There was something special about Donna, but I couldn’t put my finger on what it was exactly. Donna was both my hairdresser and my manicurist. She worked in a shop in our small town in north central Texas. I sat in her chair once, maybe twice a month, for years, regaling her with tales of my latest travel, newest purchase, or whatever exciting thing was going on in my life at the time.
A Rocky Year. Donna always remembered what was going on with me from one visit to the next. I enjoyed our time in the shop, and sometimes I popped in just to say hey when I was out and about in town. To put a time frame on this, the year was 1986. I was thirty-two years old and had been married almost nine years to a man I was crazy about. Over the course of our fifteen-year relationship, we had our rough spots, but we always got over them. And when things were good, we were just nuts about each other.
But approaching Thanksgiving of that year, things got really rocky. The word divorce was mentioned for the first time. I was in disbelief. As the holidays came upon us, it seemed we couldn’t patch the unraveling that had begun. We fought and we discussed. He said he just didn’t want to be married anymore. He still loved me, but being married was causing him to miss out on what life had to offer; he wanted out. My head was spinning as my world crashed in around me.
One day around this time, I was at the beauty salon getting a manicure. Donna noticed how sad I looked and asked what the matter was. “Sam* wants a divorce,” I said, “and I don’t think he will listen to anyone who might try to reason with him.” We had tried talking to his parents, but not even their advice helped. Donna had my hand in hers, filing away at my fingernails. She looked me right in the eyes and said, “Honey, you need the Lord.”
“We Need the Lord.” I was speechless. What was she saying? She had never talked about church or her religion before. I hadn’t been to church myself for nearly fifteen years. I was raised Catholic, but as an adult, I had pretty much stopped going to church. Without waiting for an answer, Donna began to tell me a little of her story.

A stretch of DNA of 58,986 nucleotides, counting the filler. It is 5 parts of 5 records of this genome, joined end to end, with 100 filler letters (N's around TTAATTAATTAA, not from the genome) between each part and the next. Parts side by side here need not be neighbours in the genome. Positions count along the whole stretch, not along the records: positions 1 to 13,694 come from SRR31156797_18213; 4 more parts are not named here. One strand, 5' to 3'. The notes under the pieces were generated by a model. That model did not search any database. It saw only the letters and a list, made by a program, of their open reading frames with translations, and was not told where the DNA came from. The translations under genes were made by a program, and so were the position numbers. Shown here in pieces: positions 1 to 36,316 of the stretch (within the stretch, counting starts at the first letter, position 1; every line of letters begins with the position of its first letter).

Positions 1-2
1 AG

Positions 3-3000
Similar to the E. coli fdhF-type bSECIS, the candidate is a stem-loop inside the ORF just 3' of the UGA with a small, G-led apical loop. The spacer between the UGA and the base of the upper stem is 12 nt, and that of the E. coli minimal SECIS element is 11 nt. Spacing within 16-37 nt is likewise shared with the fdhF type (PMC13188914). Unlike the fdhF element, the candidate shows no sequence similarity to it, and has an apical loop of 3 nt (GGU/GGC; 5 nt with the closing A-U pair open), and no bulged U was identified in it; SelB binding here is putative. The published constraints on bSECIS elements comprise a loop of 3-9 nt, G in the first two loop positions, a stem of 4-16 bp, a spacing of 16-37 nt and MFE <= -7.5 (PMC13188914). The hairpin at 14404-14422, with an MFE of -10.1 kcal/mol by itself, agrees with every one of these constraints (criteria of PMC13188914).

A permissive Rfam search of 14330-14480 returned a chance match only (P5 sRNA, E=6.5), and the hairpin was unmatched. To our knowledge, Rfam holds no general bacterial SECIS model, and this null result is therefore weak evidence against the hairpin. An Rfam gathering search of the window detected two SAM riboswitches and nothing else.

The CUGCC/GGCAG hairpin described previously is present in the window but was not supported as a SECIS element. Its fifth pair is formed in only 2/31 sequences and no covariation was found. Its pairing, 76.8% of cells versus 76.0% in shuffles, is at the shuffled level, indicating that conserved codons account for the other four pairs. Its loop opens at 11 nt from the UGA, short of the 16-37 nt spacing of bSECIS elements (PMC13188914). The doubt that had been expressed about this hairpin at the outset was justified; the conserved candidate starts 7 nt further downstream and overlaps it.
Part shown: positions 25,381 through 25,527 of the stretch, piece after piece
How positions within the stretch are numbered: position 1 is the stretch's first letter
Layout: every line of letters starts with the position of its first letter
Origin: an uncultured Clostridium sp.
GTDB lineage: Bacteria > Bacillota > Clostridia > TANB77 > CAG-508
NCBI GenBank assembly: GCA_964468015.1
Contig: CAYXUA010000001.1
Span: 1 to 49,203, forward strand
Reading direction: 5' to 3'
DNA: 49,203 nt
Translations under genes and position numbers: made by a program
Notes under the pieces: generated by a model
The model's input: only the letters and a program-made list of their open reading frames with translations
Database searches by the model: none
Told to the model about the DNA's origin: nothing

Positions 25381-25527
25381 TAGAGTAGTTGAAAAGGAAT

She had converted to Catholicism from a different tradition. I was struggling to take in her words. Why was she talking to me like this? Did she say she converted to Catholicism? In my ignorance I didn’t know people actually joined the Catholic Church; I mainly thought they left it. She was talking about things like “inviting Jesus into your heart” and “giving your life over to the Lord.” This was all so foreign to me. I believed in God and I prayed when I needed to. Who was she to tell me I needed more than this?
Nevertheless, Donna’s words stayed with me, and I found myself telling Sam soon after to look at our friends. Couldn’t we put them into three categories? One group couldn’t ever seem to pull things together. Another group was like us: riding along smoothly until they hit a major bump. Then there was a third, more stable group. No matter what life threw at them, there was no unraveling, and they were always concerned about other people. Something about them was different.
Sam just stared at me; we were both crying. I said to him, “Your parents and our friends in that third group—they all go to church. We need to go to church; we need the Lord.” I forget what he said in reply, but it sure wasn’t, “You are absolutely right, Honey; let’s go right now!” He just walked out, leaving me to think about those words, still echoing: We need the Lord.
Greeted by My Father. I began visiting churches in my city. I also kept talking to Donna. She asked me if I was going to revisit the Catholic Church. I hadn’t entertained the idea. I had left Catholicism many years earlier because it had offered no meaning to me. Donna said that, in all fairness, I should give the Church of my youth another look. She invited me to attend Mass with her one Sunday. “I certainly have nothing to lose,” I thought. So we went.
That Sunday I had one of my first conscious experiences with God, my Father. I was nervous when I walked into the church building. There above the altar I saw a huge life-sized crucifix. The world stood still, and somewhere deep in my heart I heard, “Welcome back; I’ve been waiting for you.” I began to cry. It was a prodigal son moment.
A Future Full of Hope. I continued to attend that church, and some of Donna’s friends invited me to attend a prayer meeting with them, so I went. I also attended a Life in the Spirit Seminar that they organized and held at another Catholic church. That’s where I invited Jesus to guide my life. I met with Sam one more time and told him I had found the answer—if he would just open his heart too, he would see how different things could be. He declined the offer. At that point, I knew this was the end of the marriage, but I also knew that I had a future full of hope because Jesus was in it.
Donna, her friends, and my pastor counseled me through a very difficult and emotionally draining time in my life. No one ever told me that the Lord would save my marriage if I gave my life to him. But they did say that one thing was for sure: God wouldn’t just leave me stranded. My life still has its ups and downs. But even during the hardest times, the Lord has supplied and will continue to supply grace, strength, and good friends. I’m grateful for the words of life that Donna shared with me: a distraught soul in need of much more than a manicure.
Eileen Pizer lives in northern Virginia. *Name changed at author’s request.